A trap is generally meant to block access to somewhere or something. You overcome the trap by gaining access to the thing or place the trap is protecting.

Look at all the ways an encounter can be overcome. How can you gain access?

  1. Spring the trap (for a non resetting trap)
  2. disable the trap
  3. Learn how to bypass the trap (e.g.: only step of the white squares)
  4. Go around the trap (find another door, smash the chest, etc.)
  5. Take the thing the trap protects
  6. Exit the area the prison the trap is keeping you in
  7. They use some kind of skill or magic to determine that there is nothing useful behind the trap.

The only times that I wouldn't reward experience is times when the players just don't play (they give up getting on the item, going to a mission critical area, or don't know/find out if there is anything useful there).

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As soon as the PC's have interacted and the encounter is finished

A trap is a type of encounter that the players can face, but not the only one. Many types of encounters will require some GM discretion as to when the challenge was defeated, like monsters being killed, traps disabled, haunts exorcised, and so on.

But is the XP awarded when monsters are killed and only that, or they gain XP if they are charmed/dominated, or scared away as well? What if the party runs away from the monsters? Ultimately, that is a GM decision, but he shouldn't penalize players that defeat the encounter on clever ways, and sometimes, running away is the best (or only) option against an encounter.

Most encounters present combat with monsters or hostile NPCs, but there are many other types—a trapped corridor, a political interaction with a suspicious king, a dangerous passage over a rickety rope bridge, an awkward argument with a friendly NPC who suspects a PC has betrayed him, or anything that adds drama to the game.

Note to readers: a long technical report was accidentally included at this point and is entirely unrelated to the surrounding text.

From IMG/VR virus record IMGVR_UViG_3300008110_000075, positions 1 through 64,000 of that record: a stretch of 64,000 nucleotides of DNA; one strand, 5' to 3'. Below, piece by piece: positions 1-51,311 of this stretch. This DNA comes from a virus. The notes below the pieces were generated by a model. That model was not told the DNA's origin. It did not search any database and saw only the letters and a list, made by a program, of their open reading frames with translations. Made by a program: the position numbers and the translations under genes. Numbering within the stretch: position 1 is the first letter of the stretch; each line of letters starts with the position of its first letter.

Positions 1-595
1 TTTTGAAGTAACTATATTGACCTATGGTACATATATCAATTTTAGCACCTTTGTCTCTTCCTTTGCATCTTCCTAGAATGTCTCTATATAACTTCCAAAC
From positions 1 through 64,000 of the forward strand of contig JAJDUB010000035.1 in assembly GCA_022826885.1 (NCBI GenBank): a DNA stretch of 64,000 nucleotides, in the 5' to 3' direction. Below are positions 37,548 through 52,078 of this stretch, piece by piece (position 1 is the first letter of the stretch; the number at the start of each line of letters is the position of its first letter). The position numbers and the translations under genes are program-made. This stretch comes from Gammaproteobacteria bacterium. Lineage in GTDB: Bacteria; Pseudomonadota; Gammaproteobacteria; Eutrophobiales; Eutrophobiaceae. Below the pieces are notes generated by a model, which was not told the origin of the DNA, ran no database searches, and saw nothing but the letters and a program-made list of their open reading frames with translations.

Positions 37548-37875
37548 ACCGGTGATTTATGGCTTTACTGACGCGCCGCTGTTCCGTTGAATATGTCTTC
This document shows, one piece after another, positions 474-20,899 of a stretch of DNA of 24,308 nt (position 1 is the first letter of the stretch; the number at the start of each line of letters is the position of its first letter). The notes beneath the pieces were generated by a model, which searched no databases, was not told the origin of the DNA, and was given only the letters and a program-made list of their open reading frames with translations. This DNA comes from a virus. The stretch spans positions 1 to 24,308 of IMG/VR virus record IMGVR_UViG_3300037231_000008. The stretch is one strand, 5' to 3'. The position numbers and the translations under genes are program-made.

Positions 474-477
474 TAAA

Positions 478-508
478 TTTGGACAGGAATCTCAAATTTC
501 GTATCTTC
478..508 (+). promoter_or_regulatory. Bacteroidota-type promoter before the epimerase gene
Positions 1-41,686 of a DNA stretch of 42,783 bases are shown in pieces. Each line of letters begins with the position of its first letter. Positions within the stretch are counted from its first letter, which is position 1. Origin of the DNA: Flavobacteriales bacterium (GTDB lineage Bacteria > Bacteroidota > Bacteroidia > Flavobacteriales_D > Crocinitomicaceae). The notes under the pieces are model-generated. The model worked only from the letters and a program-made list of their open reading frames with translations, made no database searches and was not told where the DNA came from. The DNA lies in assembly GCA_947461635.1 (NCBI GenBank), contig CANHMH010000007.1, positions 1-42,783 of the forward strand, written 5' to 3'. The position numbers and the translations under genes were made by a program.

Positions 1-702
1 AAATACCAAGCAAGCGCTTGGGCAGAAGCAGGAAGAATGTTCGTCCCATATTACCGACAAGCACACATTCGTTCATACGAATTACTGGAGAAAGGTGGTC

See the bolded part? A trap adds drama. Any encounter that adds drama should award experience, which is why Paizo suggests awarding experience on social conflicts, solving puzzles, exploration, leading armies, and even building houses. Many adventure paths come with XP awards for all kinds of dramatic situations.

What all these things have in common? The player characters had to interact with the world somehow. There was some drama behind this interaction, there was danger, or tension, or even something to be gained or lost from it depending on the actions that the players decided to take.

For every obstacle that the players are presented with, there is (or should be) a defined Challenge Rating as part of the designed encounter.

Challenge Rating (or CR) is a convenient number used to indicate the relative danger presented by a monster, trap, hazard, or other encounter—the higher the CR, the more dangerous the encounter.

The Game Mastery Guide defines an encounter as this: